GM is an uncommon breast lesion that is well known for its worrisome clinical presentation as a hard breast lump, particularly in younger women. The aetiology of most cases is idiopathic, to be distinguished from the rare specific granulomatous conditions including tuberculosis, sarcoidosis, and Wegener’s granulomatosis. Clinically and radiologically, GM is difficult to distinguish from carcinoma. The disease usually occurs in women of reproductive age, and may be associated with lactation or may occur in the postpartum period. The course of the disease is characterised by slow resolution, which is often punctuated by abscess or discharging sinus formation, particularly after large core needle biopsies.
With the increasing use of FNAC as the initial investigation for breast lesions, more cases will probably be encountered by the cytopathologist, necessitating an increased awareness of this disease entity.
Among the only three large series describing the FNAC features of GM in the literature, the usefulness of FNAC in GM has been debated, with some authors confirming the useful role of FNAC,10,11
whereas others have concluded that the various causes of granulomatous inflammation cannot be confidently differentiated by FNAC.9
The diagnostic cytological criteria for GM remain poorly defined, and the common features that have been evaluated include necrosis, giant cells, epithelioid histiocytes, granulomas, and neutrophils present in the background.
In our study, most cases showed single epithelioid histiocytes present within the smears and this should alert the cytopathologist to the possibility of a granulomatous inflammation. The appearance of these histiocytes was distinct, with reniform to plump nuclei and a moderate to abundant pale pink cytoplasm. This appears to be a common feature, having been reported in all cases of GM in the literature.9–12,15–18
Most studies reported aggregates of epithelioid histiocytes or granulation tissue fragments, probably representing granulomas which are characteristic of GM. In our series, granulomas were present in only half of the cases, and their presence is therefore suggestive but not pathognomonic for GM.
Take home messages
- The cytological diagnosis of granulomatous mastitis (GM) is difficult because the features overlap with other aetiologies, including tuberculosis, and there are no specific features
- The absence of necrosis and a predominantly neutrophilic infiltrate in the background favour a diagnosis of GM
- A diagnosis of GM should also be considered when high numbers of epithelioid histiocytes are seen in smears, even in the absence of granulomas
- The definitive diagnosis of GM relies on histology of fine needle biopsies and negative microbiological investigations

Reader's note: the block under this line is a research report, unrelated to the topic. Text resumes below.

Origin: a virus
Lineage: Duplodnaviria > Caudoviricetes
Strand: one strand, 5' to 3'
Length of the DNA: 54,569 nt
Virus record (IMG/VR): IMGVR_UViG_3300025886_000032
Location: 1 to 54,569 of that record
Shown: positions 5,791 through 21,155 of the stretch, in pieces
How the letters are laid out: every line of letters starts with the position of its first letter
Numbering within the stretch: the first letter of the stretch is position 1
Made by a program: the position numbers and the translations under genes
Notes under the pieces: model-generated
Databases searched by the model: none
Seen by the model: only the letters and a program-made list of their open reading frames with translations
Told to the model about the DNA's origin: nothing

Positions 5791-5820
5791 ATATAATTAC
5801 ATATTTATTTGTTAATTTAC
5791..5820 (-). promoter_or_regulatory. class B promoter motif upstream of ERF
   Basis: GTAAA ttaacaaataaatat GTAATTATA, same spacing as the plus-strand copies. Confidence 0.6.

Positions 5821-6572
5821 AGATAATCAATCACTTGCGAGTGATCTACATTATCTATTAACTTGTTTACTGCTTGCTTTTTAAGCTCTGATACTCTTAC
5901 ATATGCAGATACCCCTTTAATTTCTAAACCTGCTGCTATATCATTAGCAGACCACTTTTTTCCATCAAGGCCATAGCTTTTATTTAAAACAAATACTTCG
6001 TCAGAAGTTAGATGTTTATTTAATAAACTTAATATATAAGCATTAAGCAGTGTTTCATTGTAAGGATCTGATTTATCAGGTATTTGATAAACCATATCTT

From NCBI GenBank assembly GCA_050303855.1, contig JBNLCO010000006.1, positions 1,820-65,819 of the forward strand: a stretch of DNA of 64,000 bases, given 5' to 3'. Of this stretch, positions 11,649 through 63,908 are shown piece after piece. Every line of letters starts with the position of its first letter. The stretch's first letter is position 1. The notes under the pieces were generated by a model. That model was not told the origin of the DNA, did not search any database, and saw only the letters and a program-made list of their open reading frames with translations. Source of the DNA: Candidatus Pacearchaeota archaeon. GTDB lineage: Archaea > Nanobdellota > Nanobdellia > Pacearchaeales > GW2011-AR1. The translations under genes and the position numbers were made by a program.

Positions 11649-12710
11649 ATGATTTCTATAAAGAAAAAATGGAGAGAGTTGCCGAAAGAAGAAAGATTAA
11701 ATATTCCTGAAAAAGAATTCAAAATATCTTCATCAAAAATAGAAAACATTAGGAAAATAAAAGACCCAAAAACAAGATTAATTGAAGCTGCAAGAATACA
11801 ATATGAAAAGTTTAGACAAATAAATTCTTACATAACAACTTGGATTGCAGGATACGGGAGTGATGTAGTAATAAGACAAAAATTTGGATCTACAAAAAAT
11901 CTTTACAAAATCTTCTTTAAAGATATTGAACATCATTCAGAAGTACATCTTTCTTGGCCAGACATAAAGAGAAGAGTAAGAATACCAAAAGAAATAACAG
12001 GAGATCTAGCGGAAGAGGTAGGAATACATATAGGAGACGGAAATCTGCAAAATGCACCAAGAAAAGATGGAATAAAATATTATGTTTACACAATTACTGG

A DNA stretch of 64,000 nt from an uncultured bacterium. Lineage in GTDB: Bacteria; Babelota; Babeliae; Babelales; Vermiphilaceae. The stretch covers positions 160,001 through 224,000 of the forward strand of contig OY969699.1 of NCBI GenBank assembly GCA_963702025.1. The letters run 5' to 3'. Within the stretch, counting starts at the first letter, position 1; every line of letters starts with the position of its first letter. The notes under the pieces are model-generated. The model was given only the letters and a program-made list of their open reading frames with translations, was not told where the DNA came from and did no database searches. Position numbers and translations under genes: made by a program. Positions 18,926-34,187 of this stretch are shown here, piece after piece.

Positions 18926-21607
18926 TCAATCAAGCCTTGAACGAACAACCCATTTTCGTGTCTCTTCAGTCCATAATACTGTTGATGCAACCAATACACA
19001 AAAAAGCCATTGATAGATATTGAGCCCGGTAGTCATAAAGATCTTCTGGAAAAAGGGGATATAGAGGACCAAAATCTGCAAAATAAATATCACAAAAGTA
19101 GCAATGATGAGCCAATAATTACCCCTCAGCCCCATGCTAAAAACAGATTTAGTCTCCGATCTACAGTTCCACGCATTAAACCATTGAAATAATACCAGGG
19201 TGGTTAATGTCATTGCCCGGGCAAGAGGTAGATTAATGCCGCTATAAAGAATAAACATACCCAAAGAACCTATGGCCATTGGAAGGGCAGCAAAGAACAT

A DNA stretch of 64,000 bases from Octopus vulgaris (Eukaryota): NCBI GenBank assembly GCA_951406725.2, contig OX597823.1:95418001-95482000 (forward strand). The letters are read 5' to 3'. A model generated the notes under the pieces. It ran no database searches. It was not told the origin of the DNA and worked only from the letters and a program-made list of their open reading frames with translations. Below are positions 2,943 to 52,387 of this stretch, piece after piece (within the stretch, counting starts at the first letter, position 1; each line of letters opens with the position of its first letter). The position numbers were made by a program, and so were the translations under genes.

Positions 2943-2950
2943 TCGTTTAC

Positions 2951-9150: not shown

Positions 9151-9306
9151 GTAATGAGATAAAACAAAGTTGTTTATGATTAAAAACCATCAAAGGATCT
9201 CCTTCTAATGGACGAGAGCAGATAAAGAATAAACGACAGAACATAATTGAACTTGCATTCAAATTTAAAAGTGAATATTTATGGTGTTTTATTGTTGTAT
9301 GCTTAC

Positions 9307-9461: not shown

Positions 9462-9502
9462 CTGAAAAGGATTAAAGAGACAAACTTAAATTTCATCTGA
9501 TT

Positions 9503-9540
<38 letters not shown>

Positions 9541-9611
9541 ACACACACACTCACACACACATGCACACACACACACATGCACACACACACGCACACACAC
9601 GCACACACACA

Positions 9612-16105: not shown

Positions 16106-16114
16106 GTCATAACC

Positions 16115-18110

The presence of other inflammatory cells was more variable. In our series, there was an overwhelming predominance of neutrophils over lymphocytes. This finding was similar to that of another study of nine cases, which demonstrated moderate to abundant numbers of neutrophils in the FNAC preparations.10
Most other reports have described a mixed inflammatory cell infiltrate.
Another characteristic FNAC feature was the absence of caseous necrosis in the background. This is particularly important in the differentiation from an infective cause of granulomatous inflammation.
“In our series, granulomas were present in only half of the cases, and their presence is therefore suggestive but not pathognomonic for granulomatous mastitis”
The single most important differential diagnosis of GM is tuberculosis, which remains endemic in many regions. Treating tuberculosis with steroids would aggravate the infection, whereas giving unnecessary antituberculosis drugs may cause numerous side effects. In tuberculosis mastitis, the common features include epithelioid histiocytes, Langhan’s giant cells, granulomas, and caseous necrosis. The presence of neutrophils is not a common feature unless there is concomitant suppuration. Thus, there is considerable overlap because epithelioid histiocytes, giant cells, and granulomas are common to both entities. The presence of predominantly neutrophils in the background, and the lack of caseous necrosis may favour a diagnosis of GM rather than tuberculosis. Other differential diagnoses are rare specific causes of granulomatous inflammation, including fungal infection or non-infectious causes, such as sarcoidosis or Wegener’s granulomatosis. Because GM is essentially a diagnosis of exclusion, all causes of granulomatous inflammation must be actively excluded. An FNAC diagnosis of GM cannot be made easily, and a confident diagnosis may require histological samples, negative microbiological investigations, and clinical correlation.
In our study, we found that the most common cytological feature of GM was the presence of epithelioid histiocytes, followed by the presence of predominantly neutrophils in the background, multinucleated giant cells, and granulomas. The absence of caseation was also important. Although there is considerable overlap with tuberculosis, the absence of caseation and the presence of mostly neutrophils may favour a non-infective aetiology. It is also of interest to note that the presence of granulomas and giant cells tends to correlate with the cellularity of the epithelioid histiocytes in the FNAC preparation. Thus, in a suboptimal or low cellularity aspirate, granulomas or giant cells may be absent, and the cytopathologist should be alerted to the possibility of GM if epithelioid histiocytes are seen.